Stephanie McMillan interviewed at Pacific Free Press

Stephanie McMillan interviewed at Pacific Free Press

August 3, 2010

From this delightful interview with Stephanie McMillan, frequent Derrick Jensen collaborator and the artist behind As The World Burns:

PG: Your book with Derrick Jensen, As the World Burns: 50 Simple Things You Can Do to Stay in Denial, would be of particular interest to Planet Green readers. What would you hope a budding environmentalist might learn from reading this graphic novel?

SM: Derrick and I decided to create this book after discussing Al Gore’s An Inconvenient Truth. We agreed that the film presented the problem of global warming in a compelling, appropriately urgent way. But when it came time to guide people to action, it was worse than inadequate—it was misleading. Gore’s list of “10 Things You Can Do” (and countless other lists like it) directs the audience’s attention away from the source of the problem, industrialization, and it attempts to convince us to blame ourselves instead. It asserts that if we modify our behavior as “consumers” (change our light bulbs, adjust our thermostats), then we can save the planet. This is a lie. What this list didn’t show was the math. We did. If every person in the United States did everything that Al Gore recommends at the end of the film, there would be a one-time reduction of CO2 emissions of 21%. Obviously that’s not going to put much of a dent in the problem. More importantly, it leaves the worst polluters, big corporations, off the hook. Exxon-Mobil alone is responsible for 5% of all global CO2 emissions. The US military consumes 395,000 barrels of oil a day. Do you think dismantling that might be more effective than obsessing about not leaving our refrigerator doors open? Yet the latter is what we are told to focus on. We are told, over and over, that the only power we have is over our own lifestyles, and specifically as “consumers”—how very conveeeeenient for those who profit from the murder of our planet and then profit again from selling us “green” products.

PG: So, we’re often manipulated into acting against our own interests and the interests of our eco-system?

SM: Most of us care about the Earth’s health, understand that our own well-being and lives depend upon it, and would like to live in a non-destructive way. No one but profit-oriented sociopaths can enjoy the fact that 120 species are going extinct each day, and that our environment is getting thoroughly trashed. We live under a system that functions by converting living beings into commodities, for the profit of a few. Yet we are told that the environmental crisis is our fault because we consume too much as individuals (at the same time, everything about this economy—its media, its reward systems—push us to consume more and more). We created As the World Burns to help readers see that solutions are not to be found in our individual consumer choices, but instead can only be achieved by fighting against, defeating and dismantling the industrial capitalist system.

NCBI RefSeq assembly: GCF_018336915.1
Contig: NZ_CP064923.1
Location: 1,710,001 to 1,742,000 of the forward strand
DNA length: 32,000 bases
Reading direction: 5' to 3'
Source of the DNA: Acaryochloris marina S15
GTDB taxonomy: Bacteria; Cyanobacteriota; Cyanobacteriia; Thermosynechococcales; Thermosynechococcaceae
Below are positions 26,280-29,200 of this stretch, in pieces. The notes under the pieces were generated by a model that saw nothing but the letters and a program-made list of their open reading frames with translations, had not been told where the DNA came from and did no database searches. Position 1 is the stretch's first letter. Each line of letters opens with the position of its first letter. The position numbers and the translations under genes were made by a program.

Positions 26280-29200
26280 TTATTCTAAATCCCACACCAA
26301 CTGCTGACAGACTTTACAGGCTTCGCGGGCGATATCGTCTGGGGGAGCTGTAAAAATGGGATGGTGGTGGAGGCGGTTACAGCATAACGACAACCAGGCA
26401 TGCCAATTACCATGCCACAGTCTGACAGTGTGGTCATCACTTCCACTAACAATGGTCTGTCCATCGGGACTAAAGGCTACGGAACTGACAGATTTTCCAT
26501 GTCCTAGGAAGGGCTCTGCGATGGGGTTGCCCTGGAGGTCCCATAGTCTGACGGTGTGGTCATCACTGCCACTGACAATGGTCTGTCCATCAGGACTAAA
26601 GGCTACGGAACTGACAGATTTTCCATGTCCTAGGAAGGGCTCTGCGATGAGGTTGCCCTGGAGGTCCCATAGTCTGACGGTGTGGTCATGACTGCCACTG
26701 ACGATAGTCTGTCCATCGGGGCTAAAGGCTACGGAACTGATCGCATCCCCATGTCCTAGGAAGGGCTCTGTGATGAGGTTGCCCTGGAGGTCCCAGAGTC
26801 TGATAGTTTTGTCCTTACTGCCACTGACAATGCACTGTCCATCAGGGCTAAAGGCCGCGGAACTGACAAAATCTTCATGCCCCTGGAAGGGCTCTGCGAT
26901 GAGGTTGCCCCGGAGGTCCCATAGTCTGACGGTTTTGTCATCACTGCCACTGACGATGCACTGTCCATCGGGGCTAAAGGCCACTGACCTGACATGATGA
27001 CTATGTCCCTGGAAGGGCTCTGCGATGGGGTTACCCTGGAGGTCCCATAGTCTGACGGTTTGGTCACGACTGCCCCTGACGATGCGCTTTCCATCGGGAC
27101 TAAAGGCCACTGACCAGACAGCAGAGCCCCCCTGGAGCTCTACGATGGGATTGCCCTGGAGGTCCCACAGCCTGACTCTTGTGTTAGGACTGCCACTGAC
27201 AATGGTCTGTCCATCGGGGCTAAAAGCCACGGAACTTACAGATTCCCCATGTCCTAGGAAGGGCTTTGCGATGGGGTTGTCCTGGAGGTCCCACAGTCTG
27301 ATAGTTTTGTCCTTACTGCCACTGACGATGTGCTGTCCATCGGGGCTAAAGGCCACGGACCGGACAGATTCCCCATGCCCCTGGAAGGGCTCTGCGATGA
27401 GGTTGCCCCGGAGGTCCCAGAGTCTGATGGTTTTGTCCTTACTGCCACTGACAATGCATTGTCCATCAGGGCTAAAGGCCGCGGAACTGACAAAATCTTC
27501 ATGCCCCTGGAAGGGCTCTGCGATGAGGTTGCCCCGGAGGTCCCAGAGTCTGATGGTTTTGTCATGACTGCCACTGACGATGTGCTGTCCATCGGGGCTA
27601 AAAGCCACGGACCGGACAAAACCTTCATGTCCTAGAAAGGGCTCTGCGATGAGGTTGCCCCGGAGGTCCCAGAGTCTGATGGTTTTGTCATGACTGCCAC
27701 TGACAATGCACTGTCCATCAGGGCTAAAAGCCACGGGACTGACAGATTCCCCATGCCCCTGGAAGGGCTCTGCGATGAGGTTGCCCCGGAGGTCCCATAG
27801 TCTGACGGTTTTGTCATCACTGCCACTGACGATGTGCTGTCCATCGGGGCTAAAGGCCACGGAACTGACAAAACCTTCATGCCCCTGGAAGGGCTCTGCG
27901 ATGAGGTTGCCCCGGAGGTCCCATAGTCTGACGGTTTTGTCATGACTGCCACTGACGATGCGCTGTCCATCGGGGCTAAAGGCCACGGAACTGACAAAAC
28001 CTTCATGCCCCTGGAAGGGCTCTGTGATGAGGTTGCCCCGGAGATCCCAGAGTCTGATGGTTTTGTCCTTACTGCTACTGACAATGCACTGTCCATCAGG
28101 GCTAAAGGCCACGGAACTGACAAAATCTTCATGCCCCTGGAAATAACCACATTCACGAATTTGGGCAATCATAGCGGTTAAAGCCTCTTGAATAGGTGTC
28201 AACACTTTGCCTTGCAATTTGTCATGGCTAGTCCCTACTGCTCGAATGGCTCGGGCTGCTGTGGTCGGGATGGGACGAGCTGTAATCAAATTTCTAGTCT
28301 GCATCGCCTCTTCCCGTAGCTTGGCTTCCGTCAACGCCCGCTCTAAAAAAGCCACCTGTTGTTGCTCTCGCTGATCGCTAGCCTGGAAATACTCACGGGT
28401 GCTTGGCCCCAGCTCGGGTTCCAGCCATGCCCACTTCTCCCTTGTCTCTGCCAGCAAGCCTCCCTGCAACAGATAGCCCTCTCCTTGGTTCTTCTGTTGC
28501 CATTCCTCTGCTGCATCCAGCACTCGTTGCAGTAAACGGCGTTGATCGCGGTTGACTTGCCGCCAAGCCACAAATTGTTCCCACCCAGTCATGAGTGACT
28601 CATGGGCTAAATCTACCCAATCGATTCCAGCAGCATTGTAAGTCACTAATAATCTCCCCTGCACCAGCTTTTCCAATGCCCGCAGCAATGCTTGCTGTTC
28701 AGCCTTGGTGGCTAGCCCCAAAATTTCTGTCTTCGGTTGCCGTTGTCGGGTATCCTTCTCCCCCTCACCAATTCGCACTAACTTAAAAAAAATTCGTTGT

PG: Do you feel your message is more easily accessible via the characters you’ve created?

SM: I do. This was my primary concern when I created them. Bitter medicine goes down easier with sugar, so I made the characters as cute as possible, and the jokes amusing, the colors appealing. I know my message is pretty radical and can be difficult to accept (especially for those just beginning to explore the issues), and so I’m careful not to put any additional obstacles in the way, stylistically. I want readers to feel welcomed by my cartoons as soon as they see them, and encouraged to be open to what they’re saying.

PG: Your art and activism seem practically synonymous.

SM: The content of my cartoons is absolutely determined by my work as an activist. Without that experience, I would know much less about how the system works or how to combat it. The purpose of my work is to expose the crimes of the system in a way that’s accessible to readers, and to use ridicule to inspire contempt for those who run things. I think if we can laugh at those in power, we will fear them less, which makes us stronger about fighting back. The stories I tell in my comics, the points I make, are all intended to help inspire resistance, to help people who are on that path to make sense of things, and to cheer them on. Resistance and revolution are at the core of my life’s purpose. Art is merely a means, one way I have found that I can help further this objective. I have recently (especially after the Gulf oil spill), been increasing my work in other areas too. I will do whatever it takes, anything I am capable of and more, to help stop the planet from being killed and to eliminate this murderous system of exploitation.

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